Go beyond pioneer package, says NSP

SINGAPORE - More can be done to help senior citizens in their golden years, over and above the recently announced Pioneer Generation Package, the National Solidarity Party (NSP) said last Friday.

The opposition party threw up ideas such as a social pension scheme for old folk, and waiving the maid levy for seniors who want to hire domestic help.

This year's Budget, NSP secretary-general Jeannette Chong-Aruldoss added, was also a missed opportunity to lay the foundation for building a kind and gracious society.

"With all its bells and whistles about how it will repay the debt owed to a certain generation of Singaporeans for their contributions to the country, it only reinforces the transactional value of our society," she told reporters at the party headquarters in Jalan Besar.

The $8 billion package was the centrepiece of the Budget announced last week, and meant to honour the contributions of those who helped build up the foundations for modern-day Singapore.

It will provide help with health-care costs for those aged 65 and older this year, and who became citizens before 1987.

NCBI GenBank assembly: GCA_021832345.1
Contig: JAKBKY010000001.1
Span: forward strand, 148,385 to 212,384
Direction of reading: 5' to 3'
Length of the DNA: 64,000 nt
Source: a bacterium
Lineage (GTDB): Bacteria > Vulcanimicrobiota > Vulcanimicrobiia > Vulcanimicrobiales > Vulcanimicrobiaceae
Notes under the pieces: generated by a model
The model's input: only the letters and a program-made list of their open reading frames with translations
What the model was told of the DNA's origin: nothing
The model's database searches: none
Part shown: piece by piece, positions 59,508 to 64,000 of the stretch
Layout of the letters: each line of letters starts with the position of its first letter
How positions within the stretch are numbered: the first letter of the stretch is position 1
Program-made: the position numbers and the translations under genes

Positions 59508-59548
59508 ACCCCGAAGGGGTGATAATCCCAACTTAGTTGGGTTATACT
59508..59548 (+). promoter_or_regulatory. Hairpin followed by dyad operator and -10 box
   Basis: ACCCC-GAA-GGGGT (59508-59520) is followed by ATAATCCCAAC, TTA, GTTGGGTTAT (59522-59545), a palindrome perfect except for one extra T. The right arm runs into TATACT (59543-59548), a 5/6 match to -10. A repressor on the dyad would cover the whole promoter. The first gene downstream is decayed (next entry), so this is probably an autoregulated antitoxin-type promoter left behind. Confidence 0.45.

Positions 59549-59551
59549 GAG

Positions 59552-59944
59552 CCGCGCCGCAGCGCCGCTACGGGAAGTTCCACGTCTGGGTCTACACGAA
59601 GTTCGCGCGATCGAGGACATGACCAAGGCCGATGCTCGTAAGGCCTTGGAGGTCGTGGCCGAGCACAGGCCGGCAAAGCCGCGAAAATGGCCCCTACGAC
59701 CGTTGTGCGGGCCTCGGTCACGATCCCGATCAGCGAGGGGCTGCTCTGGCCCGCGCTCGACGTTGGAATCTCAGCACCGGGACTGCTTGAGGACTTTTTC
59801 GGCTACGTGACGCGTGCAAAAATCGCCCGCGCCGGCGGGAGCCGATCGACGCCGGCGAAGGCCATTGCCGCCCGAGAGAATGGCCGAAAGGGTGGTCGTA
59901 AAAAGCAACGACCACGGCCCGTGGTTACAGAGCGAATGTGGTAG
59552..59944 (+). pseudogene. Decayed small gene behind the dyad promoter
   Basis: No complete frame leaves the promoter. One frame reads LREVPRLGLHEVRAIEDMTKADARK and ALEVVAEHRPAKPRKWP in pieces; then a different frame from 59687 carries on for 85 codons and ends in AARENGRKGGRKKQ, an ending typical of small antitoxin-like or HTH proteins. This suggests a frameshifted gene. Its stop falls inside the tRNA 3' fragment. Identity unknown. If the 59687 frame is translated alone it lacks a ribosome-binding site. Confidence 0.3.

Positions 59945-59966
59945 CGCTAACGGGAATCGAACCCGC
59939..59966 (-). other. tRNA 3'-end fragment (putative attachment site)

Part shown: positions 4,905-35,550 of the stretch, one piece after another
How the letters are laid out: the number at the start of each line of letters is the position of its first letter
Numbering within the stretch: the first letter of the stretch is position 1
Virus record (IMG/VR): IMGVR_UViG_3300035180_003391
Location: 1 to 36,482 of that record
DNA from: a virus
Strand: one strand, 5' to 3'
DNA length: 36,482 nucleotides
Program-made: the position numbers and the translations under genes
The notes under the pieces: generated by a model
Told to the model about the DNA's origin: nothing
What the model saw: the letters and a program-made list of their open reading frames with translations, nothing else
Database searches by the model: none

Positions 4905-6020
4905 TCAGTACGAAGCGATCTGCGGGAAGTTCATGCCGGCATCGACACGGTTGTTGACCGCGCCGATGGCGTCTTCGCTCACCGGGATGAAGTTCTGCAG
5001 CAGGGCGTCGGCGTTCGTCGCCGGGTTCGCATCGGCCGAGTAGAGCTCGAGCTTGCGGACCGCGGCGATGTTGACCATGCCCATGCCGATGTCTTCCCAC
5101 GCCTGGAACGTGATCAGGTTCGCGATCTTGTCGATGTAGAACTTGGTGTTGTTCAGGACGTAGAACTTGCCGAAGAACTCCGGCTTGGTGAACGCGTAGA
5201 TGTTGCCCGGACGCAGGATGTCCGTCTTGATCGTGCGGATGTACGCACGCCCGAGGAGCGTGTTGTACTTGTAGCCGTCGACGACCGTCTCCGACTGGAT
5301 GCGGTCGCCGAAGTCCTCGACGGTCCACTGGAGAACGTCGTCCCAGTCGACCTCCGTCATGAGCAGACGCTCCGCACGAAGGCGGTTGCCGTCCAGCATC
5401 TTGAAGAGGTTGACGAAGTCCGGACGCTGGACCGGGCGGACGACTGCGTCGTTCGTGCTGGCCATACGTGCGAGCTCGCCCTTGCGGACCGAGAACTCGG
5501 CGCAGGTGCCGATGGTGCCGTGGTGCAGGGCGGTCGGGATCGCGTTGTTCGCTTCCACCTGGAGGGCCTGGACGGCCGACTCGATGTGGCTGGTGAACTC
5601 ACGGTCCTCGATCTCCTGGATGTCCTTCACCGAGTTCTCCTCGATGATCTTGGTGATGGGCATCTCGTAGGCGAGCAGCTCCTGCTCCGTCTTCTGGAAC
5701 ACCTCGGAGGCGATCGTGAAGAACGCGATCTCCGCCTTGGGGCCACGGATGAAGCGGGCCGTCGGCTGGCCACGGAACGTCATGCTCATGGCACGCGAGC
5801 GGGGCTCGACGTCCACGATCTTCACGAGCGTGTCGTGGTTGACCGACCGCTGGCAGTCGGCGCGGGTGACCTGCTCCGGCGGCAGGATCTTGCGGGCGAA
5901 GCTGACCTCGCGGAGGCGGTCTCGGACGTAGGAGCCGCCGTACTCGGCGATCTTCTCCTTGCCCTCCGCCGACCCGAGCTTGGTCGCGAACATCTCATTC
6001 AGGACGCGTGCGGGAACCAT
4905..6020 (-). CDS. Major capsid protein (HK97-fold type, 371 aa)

Ms Chong-Aruldoss said: "A kind and gracious society is one which takes care of our elderly because they are our elderly, and not because of what they had given, done or sacrificed in their younger days when they were able."

The NSP proposed further measures such as a social pension scheme for all senior citizens, as these older Singaporeans would not have significant savings from working at a time when incomes were meagre.

The party also called for more polyclinics to be built and their operating hours extended, and to further enhance the Community Health Assist Scheme (Chas).

This subsidises care at private general practitioners and dental clinics. Currently, depending on household income and the number and severity of chronic illnesses, Chas beneficiaries can claim up to $480 per year.

"This level of subsidies may not be enough for people with multiple chronic diseases, or if they are disabled," said NSP member Ravi Philemon.

He suggested doubling subsidy levels for beneficiaries with three or more chronic diseases or those with disabilities.


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